Parental alienation may happen where there is a high-conflict divorce and a child strongly identifies with one parent over the other.
Signs of parental alienation
The alienating parent may pressure the child to feel hatred toward the other parent and reject him or her, may criticize the alienated parent or may interfere with the other parent’s relationship with the child. As a result, the child may have negative things to say about the parent, may defend the alienating parent or may say hurtful things to the parent without remorse or feelings of guilt.
Parental alienation may range from mild to severe. With mild parental alienation, the child may not want to visit with the alienated parent, but once he or she does, enjoys spending time with him or her.
Moderate parental alienation may be present where the child strongly resists contact with the alienated parent or strongly opposes spending time with the parent. With severe parental alienation, the child may resist contact and may run away, hide or show other physical signs to avoid visiting with the parent.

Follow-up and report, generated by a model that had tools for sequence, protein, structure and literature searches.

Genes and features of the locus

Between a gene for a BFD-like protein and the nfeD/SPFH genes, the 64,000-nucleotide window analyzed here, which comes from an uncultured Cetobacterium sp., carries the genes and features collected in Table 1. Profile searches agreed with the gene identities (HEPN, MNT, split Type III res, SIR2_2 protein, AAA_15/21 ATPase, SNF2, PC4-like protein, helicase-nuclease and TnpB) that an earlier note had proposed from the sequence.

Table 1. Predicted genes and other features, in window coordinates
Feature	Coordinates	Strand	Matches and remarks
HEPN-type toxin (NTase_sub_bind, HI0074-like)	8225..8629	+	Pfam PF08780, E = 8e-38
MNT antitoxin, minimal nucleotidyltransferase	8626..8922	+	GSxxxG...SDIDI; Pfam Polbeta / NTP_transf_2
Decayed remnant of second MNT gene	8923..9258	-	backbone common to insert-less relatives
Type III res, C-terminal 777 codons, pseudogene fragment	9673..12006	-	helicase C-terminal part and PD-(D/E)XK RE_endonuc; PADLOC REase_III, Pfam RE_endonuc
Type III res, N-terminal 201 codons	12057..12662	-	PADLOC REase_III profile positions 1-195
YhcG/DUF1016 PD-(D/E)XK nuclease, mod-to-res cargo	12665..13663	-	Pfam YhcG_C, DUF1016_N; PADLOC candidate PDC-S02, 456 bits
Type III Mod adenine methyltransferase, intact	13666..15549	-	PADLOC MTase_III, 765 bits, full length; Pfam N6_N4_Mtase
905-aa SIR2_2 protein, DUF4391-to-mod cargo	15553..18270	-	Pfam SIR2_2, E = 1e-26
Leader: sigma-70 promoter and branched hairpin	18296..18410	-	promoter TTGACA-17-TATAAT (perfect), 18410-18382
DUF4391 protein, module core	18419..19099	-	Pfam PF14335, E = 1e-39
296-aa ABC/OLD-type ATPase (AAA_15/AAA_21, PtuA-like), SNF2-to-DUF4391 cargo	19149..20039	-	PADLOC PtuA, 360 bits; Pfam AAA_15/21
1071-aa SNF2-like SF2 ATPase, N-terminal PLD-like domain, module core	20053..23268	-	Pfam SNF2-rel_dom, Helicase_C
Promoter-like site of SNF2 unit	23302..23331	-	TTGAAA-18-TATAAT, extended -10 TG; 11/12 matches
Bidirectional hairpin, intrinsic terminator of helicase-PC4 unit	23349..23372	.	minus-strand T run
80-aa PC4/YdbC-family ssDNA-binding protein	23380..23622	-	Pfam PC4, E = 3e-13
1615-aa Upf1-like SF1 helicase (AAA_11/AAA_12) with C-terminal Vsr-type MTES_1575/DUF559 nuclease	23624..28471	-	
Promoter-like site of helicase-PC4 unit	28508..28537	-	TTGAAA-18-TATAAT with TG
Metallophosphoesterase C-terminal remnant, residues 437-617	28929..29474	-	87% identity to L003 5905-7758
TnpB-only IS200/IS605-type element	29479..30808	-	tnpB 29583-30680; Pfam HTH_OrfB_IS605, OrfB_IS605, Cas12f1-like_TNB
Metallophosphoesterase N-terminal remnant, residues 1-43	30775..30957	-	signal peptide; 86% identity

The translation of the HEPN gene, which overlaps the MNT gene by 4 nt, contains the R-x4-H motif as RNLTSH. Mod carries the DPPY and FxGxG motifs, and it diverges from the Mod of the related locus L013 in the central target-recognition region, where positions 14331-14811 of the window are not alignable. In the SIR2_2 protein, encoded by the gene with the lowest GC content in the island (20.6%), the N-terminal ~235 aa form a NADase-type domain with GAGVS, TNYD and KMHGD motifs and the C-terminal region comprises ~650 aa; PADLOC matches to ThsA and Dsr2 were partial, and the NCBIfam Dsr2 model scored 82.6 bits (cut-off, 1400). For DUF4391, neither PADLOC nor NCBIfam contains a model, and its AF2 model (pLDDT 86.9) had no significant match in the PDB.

Depending on the severity of the parental alienation, the judge in a divorce case may order the alienating parent to stop speaking about the other parent negatively, require the parents to adhere to their parenting plan and attend parenting classes.
It may also be necessary to remove the child from the alienating parent’s custody. The court may appoint a guardian ad litem who represents the child’s interests.
It’s important to understand the signs of parental alienation and for parents to know that help is available. An experienced attorney can provide representation and advice.